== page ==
And not in a bad way, like “This cheese smells funny.” In a good way, like “Ohmigosh, that movie was so funny!” That movie was probably written by, or probably starred, Tina Fey.
The book reads as a collection of essays in a somewhat chronological order of her life, but a couple of times she inserts a story about a teenage party or about her ill-fated honeymoon with her husband. She never talks about meeting or falling in love with her husband, but we gather from this story that they met, fell in love, got married, and ended up on a cruise.
Mostly, Fey lets us in on the world of sketch comedy writing and the frenzy that can be Saturday Night Live, and what it’s like to be a woman in a boy’s playground of comedians. But she doesn’t have a deep-seated need/ambition to prove herself, just ambition to write something funny and to collaborate with other writers to continue with comedy. And this is a testament to her parents and the loving environment she grew up in. Not some weird Lifetime melodrama, just suburban Pennsylvania, with a strong father and nice mother who avoids “the talk” by slipping her daughter a “kit.” (My mom slipped me a book. No discussions afterward.)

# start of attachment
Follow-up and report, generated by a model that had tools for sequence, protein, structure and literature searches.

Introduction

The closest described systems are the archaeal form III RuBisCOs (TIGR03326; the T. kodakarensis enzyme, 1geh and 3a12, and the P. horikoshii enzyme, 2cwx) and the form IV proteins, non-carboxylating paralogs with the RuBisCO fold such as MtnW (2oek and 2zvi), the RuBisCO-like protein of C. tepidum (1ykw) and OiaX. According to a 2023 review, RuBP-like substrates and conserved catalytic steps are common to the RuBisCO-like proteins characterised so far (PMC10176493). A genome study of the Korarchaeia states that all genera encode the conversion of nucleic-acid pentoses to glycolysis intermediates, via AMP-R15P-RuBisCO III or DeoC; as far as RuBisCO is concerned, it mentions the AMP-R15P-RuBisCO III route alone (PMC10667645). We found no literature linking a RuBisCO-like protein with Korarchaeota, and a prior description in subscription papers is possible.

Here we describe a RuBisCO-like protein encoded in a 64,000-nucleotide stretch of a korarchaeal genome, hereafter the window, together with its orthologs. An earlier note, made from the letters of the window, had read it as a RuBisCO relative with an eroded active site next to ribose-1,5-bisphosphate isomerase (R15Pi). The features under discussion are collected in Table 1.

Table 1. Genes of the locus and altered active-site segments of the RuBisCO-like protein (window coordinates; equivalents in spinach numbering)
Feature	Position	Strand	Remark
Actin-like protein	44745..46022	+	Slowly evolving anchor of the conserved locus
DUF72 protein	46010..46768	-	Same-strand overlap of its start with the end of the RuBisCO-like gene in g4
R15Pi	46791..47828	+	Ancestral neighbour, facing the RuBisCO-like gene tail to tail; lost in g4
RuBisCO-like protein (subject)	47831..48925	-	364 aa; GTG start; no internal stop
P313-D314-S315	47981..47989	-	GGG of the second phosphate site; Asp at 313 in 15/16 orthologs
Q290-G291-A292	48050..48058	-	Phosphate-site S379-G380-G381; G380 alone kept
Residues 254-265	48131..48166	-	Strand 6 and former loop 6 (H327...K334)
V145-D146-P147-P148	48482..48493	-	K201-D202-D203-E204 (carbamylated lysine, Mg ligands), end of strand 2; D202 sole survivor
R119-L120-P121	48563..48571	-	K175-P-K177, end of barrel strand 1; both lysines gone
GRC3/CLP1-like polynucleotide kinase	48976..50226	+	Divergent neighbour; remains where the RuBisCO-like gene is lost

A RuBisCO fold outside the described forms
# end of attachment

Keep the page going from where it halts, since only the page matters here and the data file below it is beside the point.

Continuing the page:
She answers some fan mail. That’s pretty good. She gives us the lowdown on those magazine cover shoots. And she tells us the story of getting Oprah on 30 Rock, deciding to return to SNL to portray Sarah Palin, and get her daughter’s birthday party planned and executed all in one weekend! Phew. Are you tired? I am. And she talks about being a working mom that can’t really quit because about 200 other working parents depend on her to keep her job so that they can keep theirs. And don’t offer her an award for being a working mom. She’ll say no.
In all honesty, Fey’s book is hilarious, but I feel like it’s geared more toward women than men. Which works for me, because I am a woman. I’m not particularly funny, but Tina’s got that covered. Someone might believe we only need one funny lady, so I’m out of luck.
Oh, and if you’ve ever wondered about her scar, the legitimate story behind it kind of makes her a badass, in my opinion.